Like children (and spouses), if horses don’t get attention, problems can develop. They need more than a regular pat or rub on the forehead, however! When we take good care of a horse, I think he/she recognizes our feelings that go with it. A horse needs regular grooming and cleaning. Neglecting hoof care can lead to serious problems! Time spent brushing and bathing can be a bonding time. It also gives the owner the opportunity to check for sore spots and cuts, for areas that need special attention. I think most horses enjoy the companionship, as we build trust and respect and that special bond. Tom Dorrance’s words were an affirmation of something that’s been jelling in my heart for some time, though perhaps in different words.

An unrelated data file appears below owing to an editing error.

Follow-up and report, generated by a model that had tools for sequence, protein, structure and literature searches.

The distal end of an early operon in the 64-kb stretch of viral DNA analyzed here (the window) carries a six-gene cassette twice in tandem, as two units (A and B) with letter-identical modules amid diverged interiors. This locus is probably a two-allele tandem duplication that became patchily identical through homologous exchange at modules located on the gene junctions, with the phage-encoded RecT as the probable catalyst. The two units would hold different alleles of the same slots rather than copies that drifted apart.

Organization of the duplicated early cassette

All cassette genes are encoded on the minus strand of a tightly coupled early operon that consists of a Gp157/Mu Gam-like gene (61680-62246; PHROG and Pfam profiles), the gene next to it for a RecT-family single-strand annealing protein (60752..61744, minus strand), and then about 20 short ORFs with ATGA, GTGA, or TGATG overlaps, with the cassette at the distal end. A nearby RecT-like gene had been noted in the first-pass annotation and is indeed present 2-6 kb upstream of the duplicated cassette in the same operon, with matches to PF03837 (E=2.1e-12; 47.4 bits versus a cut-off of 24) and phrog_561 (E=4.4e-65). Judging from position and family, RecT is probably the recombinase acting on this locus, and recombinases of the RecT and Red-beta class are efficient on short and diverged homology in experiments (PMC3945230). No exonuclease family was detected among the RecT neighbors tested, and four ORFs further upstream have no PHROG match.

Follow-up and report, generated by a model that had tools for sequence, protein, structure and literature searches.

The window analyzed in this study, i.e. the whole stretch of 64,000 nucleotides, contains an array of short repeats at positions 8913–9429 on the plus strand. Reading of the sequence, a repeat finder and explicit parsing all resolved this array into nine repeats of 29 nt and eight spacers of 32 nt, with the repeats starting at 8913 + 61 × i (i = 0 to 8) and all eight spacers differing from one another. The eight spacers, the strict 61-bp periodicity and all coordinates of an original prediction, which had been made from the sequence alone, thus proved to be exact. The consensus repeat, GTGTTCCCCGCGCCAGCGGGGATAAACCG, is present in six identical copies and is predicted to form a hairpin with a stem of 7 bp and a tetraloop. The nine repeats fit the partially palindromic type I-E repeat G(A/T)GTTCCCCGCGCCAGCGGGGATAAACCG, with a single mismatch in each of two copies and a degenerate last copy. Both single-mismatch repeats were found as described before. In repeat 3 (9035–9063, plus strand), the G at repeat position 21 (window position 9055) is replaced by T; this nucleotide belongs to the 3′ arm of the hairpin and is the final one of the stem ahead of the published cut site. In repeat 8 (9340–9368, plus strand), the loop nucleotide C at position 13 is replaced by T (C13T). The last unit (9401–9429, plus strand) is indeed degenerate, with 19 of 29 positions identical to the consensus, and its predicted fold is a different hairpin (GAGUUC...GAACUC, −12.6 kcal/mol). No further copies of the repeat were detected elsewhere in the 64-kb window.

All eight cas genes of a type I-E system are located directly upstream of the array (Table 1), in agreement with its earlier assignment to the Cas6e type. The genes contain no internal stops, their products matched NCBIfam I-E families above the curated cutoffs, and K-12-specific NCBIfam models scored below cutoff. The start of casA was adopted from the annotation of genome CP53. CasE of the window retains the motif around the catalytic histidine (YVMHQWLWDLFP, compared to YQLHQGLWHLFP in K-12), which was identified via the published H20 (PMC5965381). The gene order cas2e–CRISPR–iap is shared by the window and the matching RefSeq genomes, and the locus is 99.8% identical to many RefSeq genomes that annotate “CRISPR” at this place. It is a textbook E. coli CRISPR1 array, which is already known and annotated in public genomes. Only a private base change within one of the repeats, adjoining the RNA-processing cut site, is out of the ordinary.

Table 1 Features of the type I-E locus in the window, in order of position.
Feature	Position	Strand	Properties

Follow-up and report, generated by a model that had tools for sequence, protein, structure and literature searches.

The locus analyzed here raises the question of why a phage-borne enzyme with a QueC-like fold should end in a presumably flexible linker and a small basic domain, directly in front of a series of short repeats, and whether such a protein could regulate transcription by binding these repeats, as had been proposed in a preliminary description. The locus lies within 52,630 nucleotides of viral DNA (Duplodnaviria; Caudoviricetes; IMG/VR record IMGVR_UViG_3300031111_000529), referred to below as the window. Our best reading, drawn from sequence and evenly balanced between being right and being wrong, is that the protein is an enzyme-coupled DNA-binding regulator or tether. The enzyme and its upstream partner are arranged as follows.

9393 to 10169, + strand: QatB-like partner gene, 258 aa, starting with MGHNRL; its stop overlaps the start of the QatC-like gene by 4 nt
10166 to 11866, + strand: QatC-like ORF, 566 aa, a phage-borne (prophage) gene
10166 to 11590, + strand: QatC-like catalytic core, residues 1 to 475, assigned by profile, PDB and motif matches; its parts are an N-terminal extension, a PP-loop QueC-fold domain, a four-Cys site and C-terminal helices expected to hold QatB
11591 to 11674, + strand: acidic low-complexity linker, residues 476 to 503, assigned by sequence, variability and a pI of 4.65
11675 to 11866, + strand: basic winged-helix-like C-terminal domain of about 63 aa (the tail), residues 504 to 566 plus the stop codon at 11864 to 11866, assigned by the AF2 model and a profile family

The bond between horse and human is the best foundation for all further training. When that soft nose reaches out with a gentle nudge, when that welcoming whinny greets your arrival, when a soft muzzle rests against your face for a few seconds in that special touch of fellowship, you know your horse is talking to you. I think of the ways each of our horses shows its need for attention, and I can’t help but feel something in response. Yes, it is a form of love. I’ve begun to see each horse as an individual “person” with its own unique personality and it’s become more personal than ever. My first mare, Fanny, was aloof and ornery, but we had our special bond and she had a big heart. Lady is a lover, both sweet and demanding and she and I have a definite bond of communication!